Figure 1. Graphic representation of spatial models in ArcGIS ModelBuilder. (a) a single model process that calculates slope from DEM. (b) a more complex model that consists of multiple analysis processes. Source: author.3.2 Static Model vs. Dynamic ModelA static model represents processes at a single point of time. Static spatial models are implemented as unidirectional workflows of spatial operations. For example, a landslide risk model may combine spatial variables of slope, soil type, land cover and precipitation into a risk score expressing the likelihood of landslide over space. The input and output of the model are either temporally implicit or represent a single point of time. On the other hand, dynamic models (also known as spatio-temporal models) represent dynamic processes updating over time. Dynamic models include iterative behaviors and interactions among different elements.

Cellular automata(CA) andAgent-Based Models(ABM) are typical examples of dynamic spatial models.3.3 Deterministic Model vs. Stochastic ModelA model is deterministic if its output is fully determined by the model without randomness. The same output can be reproduced by repeating the model with the same input and model parameters. Most static models are deterministic and provide a single outcome without consideration of its uncertainty. In contrast, stochastic models include some inherent randomness, which can generate different outputs in multiple runs. In a stochastic model, a distribution of potential outputs can be derived through Monte Carlo simulations. The distribution of outputs indicates the uncertainty of the model prediction. As randomness widely exists in social and natural systems, stochastic spatial models can generate more realistic spatial patterns that include unexpected events. For example, many land use and land cover models include stochastic components to model transition probabilities among different land cover types (Qiang and Lam 2015; Wu 2002).

3. Common Types of Spatial Models3.1 Spatial Process ModelA spatial process describes the mechanism of how a spatial pattern is formed. The observed patterns of crimes, rainfall and land cover are driven by various spatial processes. A spatial process can be represented in textual description, maps, mathematical equations or computer programs. Static spatial process models quantify spatial patterns (e.g. point pattern or spatial autocorrelation) and make predictions of variables at unsampled locations (e.g. spatial interpolation). Spatial Autoregressive Model and Geographically Weighted Regression (GWR) are of this kind. Dynamic spatial process models describe spatial phenomena evolving in time. Examples of dynamic spatial processes include virus spread, flood formation, and land cover change. At a conceptual level, dynamic spatial processes are described in either the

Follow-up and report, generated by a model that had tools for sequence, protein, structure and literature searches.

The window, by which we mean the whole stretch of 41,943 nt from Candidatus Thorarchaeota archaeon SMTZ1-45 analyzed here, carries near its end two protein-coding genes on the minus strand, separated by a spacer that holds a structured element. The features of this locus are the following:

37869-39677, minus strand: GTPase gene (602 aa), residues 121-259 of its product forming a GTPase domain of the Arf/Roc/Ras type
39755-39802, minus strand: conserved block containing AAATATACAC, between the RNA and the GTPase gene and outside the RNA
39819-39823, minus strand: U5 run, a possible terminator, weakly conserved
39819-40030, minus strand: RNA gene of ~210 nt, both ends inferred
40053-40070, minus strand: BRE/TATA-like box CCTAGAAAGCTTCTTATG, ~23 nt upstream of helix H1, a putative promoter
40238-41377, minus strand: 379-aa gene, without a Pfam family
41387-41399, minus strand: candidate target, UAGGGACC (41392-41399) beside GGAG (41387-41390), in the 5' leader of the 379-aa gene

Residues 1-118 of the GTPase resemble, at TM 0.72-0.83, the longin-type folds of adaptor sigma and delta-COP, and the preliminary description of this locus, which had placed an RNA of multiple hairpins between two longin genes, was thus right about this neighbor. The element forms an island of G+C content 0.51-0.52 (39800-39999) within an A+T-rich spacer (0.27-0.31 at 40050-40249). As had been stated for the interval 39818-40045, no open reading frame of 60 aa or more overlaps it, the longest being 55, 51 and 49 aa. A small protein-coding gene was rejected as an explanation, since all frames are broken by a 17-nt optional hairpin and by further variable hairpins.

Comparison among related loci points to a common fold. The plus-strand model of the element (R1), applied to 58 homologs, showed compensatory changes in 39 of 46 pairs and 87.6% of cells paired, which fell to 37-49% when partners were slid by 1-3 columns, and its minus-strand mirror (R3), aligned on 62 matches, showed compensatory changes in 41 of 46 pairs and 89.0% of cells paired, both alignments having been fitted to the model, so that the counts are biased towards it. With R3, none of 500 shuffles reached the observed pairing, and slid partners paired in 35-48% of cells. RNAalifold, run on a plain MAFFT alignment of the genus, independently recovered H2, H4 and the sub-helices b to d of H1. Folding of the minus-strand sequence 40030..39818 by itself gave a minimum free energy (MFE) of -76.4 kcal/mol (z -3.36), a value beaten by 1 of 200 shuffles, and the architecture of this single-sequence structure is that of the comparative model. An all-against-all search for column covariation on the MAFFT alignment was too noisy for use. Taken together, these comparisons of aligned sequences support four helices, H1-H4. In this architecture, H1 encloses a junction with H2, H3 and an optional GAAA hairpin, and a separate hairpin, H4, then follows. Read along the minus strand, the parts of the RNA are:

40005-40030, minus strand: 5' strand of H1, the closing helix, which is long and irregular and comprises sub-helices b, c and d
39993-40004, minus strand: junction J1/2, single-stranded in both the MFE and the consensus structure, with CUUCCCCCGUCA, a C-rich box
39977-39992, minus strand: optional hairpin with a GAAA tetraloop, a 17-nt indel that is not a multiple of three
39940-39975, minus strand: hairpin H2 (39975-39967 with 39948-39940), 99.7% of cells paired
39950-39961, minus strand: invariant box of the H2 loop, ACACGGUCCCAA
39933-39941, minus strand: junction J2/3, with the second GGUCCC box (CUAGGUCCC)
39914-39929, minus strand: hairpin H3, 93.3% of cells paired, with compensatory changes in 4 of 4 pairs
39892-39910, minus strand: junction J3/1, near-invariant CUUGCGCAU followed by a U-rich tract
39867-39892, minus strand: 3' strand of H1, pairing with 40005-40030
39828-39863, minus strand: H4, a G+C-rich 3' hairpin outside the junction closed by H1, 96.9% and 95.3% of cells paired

Eulerianview or theLagrangianview. Eulerian models concern about the change of properties (e.g. temperature, land cover) at fixed locations, while Lagrangian models tracks the movement of objects in space. Among the common spatial models, CA can be considered as a kind of Eulerian model, while ABM falls into the Lagrangian category. Both types of models can be implemented in GIS. The coupling of the two types of models can help to address important problems in coupled natural human systems (Brown et al. 2005).3.2 Cartographic ModelCartographic modeling refers to the use of a coordinated set of spatial analysis tools (e.g. buffer, overlay, and reclassification) to solve a spatial problem (Tomlin 2017). Cartographic models are often represented in graphic forms like a flowchart (e.g. Figure 1). Most cartographic models are temporally static as they include spatial variables at a fixed point in time. Suitability modeling is a typical application of a cartographic model, which assigns ranks or scores to the land to express its utility for a specific use. Figure 2 illustrates a suitability model of finding suitable sites for a new school. The preferred school sites are places where slope is gentle, close to recreational sites, and far from existing schools. The model represents the three criteria in spatial data and combines them into a map expressing the suitability for the school site. The value of a cartographic model is twofold. First, a cartographic model presents a graphic representation of a spatial analysis workflow, which facilitates model comprehension and sharing. Second, cartographic models can be automated in GIS for repetitive modeling work and batch data processing. Cartographic models can be developed using both Python scripting or ArcGIS ModelBuilder.